1. Internship ≠ “Time-Out

Although an internship is often pursued outside of the college campus setting, it should not be viewed as “time-out” from school to go to work.  An internship is first of all a learning experience.  Some people learn more effectively by “doing,” and internships provide that opportunity. Not only will you learn by doing, but by observing how other people work in a unique cultural context. Remember that an internship is graded based on what you can document that you learned, not solely on the evaluation of your performance at the site.

  1. Internship ≠ An Easy Grade

Most students report working just as hard if not harder on their internships than they do for classes on campus.  Pursuing an off-campus internship requires a lot of time and energy, and a different kind of energy than while “at home” in regular classes. Interns should be prepared to not be constantly occupied with a particular task; this is an opportunity to reflect, ask questions, and observe.

  1. Internship ≠ Volunteer Experience

Regardless of the financial arrangements, an intern is not the same as a volunteer.  An intern earns credit and a grade based on what he/she learns from the experience, not solely on a performance evaluation.  He/she is accountable not only to a site supervisor but also to a faculty coordinator who evaluates the quality of the learning experience.  A volunteer may perform the tasks equally well but may or may not be self-conscious or intentional about the learning derived.  As an intern you must be intentionally involved in fulfilling learning objectives in order to successfully earn credits.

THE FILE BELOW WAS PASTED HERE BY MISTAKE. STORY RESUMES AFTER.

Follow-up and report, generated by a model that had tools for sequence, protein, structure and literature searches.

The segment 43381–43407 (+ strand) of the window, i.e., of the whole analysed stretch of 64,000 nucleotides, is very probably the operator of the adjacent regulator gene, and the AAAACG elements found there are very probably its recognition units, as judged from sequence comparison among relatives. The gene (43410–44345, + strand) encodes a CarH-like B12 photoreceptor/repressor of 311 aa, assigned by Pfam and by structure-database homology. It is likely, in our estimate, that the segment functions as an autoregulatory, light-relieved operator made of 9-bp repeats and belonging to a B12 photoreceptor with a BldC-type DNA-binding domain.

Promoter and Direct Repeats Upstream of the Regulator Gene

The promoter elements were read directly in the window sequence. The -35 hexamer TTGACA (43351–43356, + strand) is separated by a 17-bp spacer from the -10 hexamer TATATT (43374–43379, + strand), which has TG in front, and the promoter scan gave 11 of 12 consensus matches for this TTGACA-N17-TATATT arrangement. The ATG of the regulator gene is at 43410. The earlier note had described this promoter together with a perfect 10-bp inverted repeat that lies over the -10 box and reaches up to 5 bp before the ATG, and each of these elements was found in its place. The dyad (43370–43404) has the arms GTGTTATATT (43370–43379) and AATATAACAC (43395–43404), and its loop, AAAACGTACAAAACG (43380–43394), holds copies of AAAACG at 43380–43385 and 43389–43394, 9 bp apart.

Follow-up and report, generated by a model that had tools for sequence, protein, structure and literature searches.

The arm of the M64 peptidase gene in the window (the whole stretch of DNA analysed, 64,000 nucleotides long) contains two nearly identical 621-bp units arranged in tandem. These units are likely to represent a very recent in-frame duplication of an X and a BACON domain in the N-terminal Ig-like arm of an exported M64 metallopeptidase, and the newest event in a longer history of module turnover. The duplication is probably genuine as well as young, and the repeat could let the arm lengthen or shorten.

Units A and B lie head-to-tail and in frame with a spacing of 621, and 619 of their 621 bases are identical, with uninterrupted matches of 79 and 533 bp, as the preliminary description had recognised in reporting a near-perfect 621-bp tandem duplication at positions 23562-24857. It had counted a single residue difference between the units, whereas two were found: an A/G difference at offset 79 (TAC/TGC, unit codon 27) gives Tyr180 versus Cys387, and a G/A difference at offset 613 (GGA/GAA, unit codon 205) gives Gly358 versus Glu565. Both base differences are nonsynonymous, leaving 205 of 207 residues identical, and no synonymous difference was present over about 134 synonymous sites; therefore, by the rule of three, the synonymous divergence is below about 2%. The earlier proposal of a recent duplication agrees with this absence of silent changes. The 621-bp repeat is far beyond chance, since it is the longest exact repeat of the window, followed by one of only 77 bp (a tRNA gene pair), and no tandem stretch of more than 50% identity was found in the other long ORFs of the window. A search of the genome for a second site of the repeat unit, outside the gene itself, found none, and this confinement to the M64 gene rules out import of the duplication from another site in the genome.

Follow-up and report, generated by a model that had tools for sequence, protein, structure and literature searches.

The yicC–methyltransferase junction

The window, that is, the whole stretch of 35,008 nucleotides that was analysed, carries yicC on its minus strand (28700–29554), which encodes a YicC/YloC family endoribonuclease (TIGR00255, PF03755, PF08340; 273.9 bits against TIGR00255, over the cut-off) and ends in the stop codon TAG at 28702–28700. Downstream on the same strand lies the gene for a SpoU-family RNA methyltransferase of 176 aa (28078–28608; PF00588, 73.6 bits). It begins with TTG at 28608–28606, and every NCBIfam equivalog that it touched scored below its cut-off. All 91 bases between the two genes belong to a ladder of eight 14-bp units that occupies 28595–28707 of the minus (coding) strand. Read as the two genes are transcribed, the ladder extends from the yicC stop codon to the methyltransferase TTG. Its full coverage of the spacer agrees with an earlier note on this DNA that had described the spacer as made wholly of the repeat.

1. Internship ≠ Resident Expert

Student interns often bring special skills, knowledge, and fresh ideas to an organization.  It is not appropriate, however, for an organization to expect you as an intern to be the “resident expert” or to fill a gap in an area in which the staff lacks basic skills or knowledge.  You should be supervised by a professional staff person who has some expertise in your area of work.

  1. Internship ≠ Go-fer

On the other hand, an intern is not supposed to just perform all the routine or uninteresting work an organization needs help with.   An internship should be a meaningful learning experience; whether or not it is meaningful is a judgment you must make in conjunction with your faculty coordinator.  Most positions and projects involve some routine work; this shouldn’t occupy all of your time daily, but you shouldn’t be opposed to doing routine work – often doing the “less fun” work shows a degree of solidarity and offers other learning opportunities beyond the actual task being done.

Photo courtesy of ICADS Alumni Mandy Weaver.